Falcons assistant Kyle Flood will handle clock management and replays

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Falcons head coach Dan Quinn has shaken up his coaching staff this offseason, and one of the major changes is to have a coach whose responsibilities include clock management decisions and making the call on replay challenges.

Quinn announced today that Kyle Flood, who spent the last two years as the Falcons’ assistant offensive line coach, will have a new senior assistant role that includes in-game decision making, clock management strategy, timeouts and challenges.

Before joining the Falcons’ staff Flood spent four years as the head coach at Rutgers, so he has plenty of experience with managing games. That’s usually the head coach’s job, but a head coach has a lot to think about during a game, and it makes sense to have an assistant who can think only about those key decisions.

Giving a coach specific responsibilities relating to clock management is a smart move, one that Rams head coach Sean McVay did a year ago when he hired Jedd Fisch as an analyst and, in McVay’s words, “clock management specialist.” It won’t be surprising to see more coaches make these kinds of hires.

18 responses to “Falcons assistant Kyle Flood will handle clock management and replays

  1. “It won’t be surprising to see more coaches make these kinds of hires.”
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    Every team ALREADY has an assistant that perform those duties. It’s not like the head coach is staring at the jumbotron to decide if he should challenge a play – he has an assistant on the headset reviewing the call and telling him what to do.

    Same with clock management. HC already has a spreadsheet of specific scenarios and what to do in those situations and the assistant just reads them off for the HC.

    The head coach usually just takes the blame for those calls because it’s not worth it to throw an assistant under the bus for messing up.

  2. akira1971 says: “The head coach usually just takes the blame for those calls because it’s not worth it to throw an assistant under the bus for messing up.”
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    And this is what Ernie Adams does for the Patriots. Belichick has said before the value Adams brings to the strategy side of the game. Apparently they spend hours going through game type scenarios to develop a full strategy for every possibility.

    Adams is one of the few guys that has direct access to Belichick’s headset on gameday. That should tell you everything you need to know, since he is not the OC/DC or a position coach.

  3. akira1971 says:
    January 10, 2019 at 12:17 pm
    “It won’t be surprising to see more coaches make these kinds of hires.”
    ======================

    “Same with clock management. HC already has a spreadsheet of specific scenarios and what to do in those situations and the assistant just reads them off for the HC.”

    No offense but if you need a spreadsheet to figure that out…probably shouldn’t be a coach, let alone a HC. That part of the game isn’t rocket science.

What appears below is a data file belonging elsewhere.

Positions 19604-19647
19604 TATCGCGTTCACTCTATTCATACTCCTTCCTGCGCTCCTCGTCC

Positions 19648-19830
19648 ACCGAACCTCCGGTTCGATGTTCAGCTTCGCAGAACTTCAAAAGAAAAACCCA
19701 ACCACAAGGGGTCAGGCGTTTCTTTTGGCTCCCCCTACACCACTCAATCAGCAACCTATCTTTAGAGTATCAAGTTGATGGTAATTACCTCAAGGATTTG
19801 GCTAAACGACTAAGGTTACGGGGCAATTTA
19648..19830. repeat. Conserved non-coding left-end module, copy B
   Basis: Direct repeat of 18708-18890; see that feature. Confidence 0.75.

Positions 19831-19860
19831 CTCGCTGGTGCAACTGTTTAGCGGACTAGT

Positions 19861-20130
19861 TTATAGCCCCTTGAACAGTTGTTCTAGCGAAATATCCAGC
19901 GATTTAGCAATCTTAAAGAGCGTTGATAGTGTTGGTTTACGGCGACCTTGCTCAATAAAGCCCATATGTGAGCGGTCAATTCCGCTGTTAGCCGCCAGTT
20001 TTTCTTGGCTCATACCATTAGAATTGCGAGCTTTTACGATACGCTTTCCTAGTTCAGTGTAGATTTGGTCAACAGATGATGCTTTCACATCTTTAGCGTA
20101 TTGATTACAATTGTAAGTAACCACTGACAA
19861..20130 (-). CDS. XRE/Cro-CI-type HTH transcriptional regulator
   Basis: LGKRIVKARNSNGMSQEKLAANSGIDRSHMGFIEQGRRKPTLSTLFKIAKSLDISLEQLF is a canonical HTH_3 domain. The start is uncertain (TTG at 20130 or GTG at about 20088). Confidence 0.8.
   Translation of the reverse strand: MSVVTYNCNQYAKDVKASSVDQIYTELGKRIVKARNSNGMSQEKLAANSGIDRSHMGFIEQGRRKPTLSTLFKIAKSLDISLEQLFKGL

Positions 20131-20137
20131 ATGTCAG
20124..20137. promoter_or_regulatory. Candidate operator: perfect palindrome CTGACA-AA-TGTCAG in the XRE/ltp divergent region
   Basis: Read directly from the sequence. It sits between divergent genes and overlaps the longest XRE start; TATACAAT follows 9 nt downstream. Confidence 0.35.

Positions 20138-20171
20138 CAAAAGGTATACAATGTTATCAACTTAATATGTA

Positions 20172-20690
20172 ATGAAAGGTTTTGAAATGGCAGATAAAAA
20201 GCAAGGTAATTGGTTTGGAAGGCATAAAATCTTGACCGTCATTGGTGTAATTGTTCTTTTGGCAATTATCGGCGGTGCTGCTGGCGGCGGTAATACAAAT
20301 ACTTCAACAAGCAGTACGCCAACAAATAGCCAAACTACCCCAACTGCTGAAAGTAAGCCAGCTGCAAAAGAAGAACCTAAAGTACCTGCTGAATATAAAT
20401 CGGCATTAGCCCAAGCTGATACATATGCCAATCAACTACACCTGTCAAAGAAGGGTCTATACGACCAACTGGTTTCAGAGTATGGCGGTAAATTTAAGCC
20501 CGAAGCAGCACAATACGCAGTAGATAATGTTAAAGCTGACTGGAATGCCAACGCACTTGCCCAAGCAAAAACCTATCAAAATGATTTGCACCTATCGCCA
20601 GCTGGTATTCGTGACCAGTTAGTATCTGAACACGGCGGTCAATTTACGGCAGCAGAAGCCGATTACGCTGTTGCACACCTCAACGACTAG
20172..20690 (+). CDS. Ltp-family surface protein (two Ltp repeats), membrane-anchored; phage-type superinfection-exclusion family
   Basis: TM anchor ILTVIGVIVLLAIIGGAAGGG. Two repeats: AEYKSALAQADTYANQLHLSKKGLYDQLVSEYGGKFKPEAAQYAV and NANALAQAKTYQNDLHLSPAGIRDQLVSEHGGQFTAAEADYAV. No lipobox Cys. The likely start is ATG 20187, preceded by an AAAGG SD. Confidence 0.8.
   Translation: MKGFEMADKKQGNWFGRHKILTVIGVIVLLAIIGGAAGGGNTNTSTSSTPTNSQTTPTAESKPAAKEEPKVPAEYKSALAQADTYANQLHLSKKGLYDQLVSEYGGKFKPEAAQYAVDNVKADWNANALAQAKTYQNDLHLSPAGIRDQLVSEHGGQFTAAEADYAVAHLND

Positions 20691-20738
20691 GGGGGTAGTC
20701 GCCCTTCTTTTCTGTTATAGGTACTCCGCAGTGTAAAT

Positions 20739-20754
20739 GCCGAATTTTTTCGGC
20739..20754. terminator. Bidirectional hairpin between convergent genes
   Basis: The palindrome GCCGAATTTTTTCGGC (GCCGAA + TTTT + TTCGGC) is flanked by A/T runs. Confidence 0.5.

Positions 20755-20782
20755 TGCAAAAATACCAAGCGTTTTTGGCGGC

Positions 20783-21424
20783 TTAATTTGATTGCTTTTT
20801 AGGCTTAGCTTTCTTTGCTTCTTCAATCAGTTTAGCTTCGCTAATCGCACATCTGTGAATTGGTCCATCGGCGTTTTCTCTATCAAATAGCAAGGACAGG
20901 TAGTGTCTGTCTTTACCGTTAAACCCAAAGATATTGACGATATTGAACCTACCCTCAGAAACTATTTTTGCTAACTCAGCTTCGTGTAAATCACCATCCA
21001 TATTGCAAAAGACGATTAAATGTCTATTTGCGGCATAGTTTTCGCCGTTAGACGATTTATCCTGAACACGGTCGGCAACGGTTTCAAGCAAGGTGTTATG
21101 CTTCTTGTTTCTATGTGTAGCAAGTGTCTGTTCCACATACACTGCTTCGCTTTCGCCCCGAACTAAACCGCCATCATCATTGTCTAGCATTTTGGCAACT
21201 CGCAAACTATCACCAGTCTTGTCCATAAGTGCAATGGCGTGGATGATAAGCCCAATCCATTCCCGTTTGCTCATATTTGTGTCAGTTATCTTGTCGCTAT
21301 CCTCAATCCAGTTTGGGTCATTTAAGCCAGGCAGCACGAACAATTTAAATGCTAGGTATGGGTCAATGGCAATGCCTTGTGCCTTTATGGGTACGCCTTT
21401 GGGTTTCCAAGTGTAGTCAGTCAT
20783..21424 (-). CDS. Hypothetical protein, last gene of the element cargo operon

4. Excellent move. Next , Dan Quinn should build a time machine and go back to the fourth quarter of Super Bowl 51. Make sure Kyle Flood brings his clock.

  5. Obviously none of you have been a head coach before. I would never let any of my coaches call timeouts, or throw challenge flags. These are head coaching decisions and it doesn’t bode well for Quinn if he is relinquishing power of important parts of the game.

  6. If any NFL team is interested in hiring me as an Asst to the Asst Coach who’s responsible for clock management and replays, I’m available. I’m happy to make sure that all of the various electronic devices are plugged in and have ample battery life before, during, and even after the game. I’m also able to view a video screen and tell someone if they need to challenge a horrendous call made by the refs.

    Starting salary is negotiable but should be in the $300-400k range with summers off.

  7. I respect Quinn for the change, sad that this change was needed years ago. There are bizarrely many NFL coaches that simply don’t get it related to review challenges, time outs and other basic game management decisions.

  8. Some of these assistant coach roles seem really cool. “Clock management specialist?” “Replay coach?” Man… where can I send my resume?

    I’ve always felt I would love to be the quality control coach. I get to watch and break down film? Again… heck yeah.

    Of course, that whole working 19 hours a day making basically nothing part kinda stinks.

  9. My wife started watching 5 years ago. She wonders why coaches do or don’t do some pretty obvious things. Calling time out at an opportune moment, pass or run etc. Most viewers are screaming at their screens at one point or another due to bizarre calls from the sidelines.

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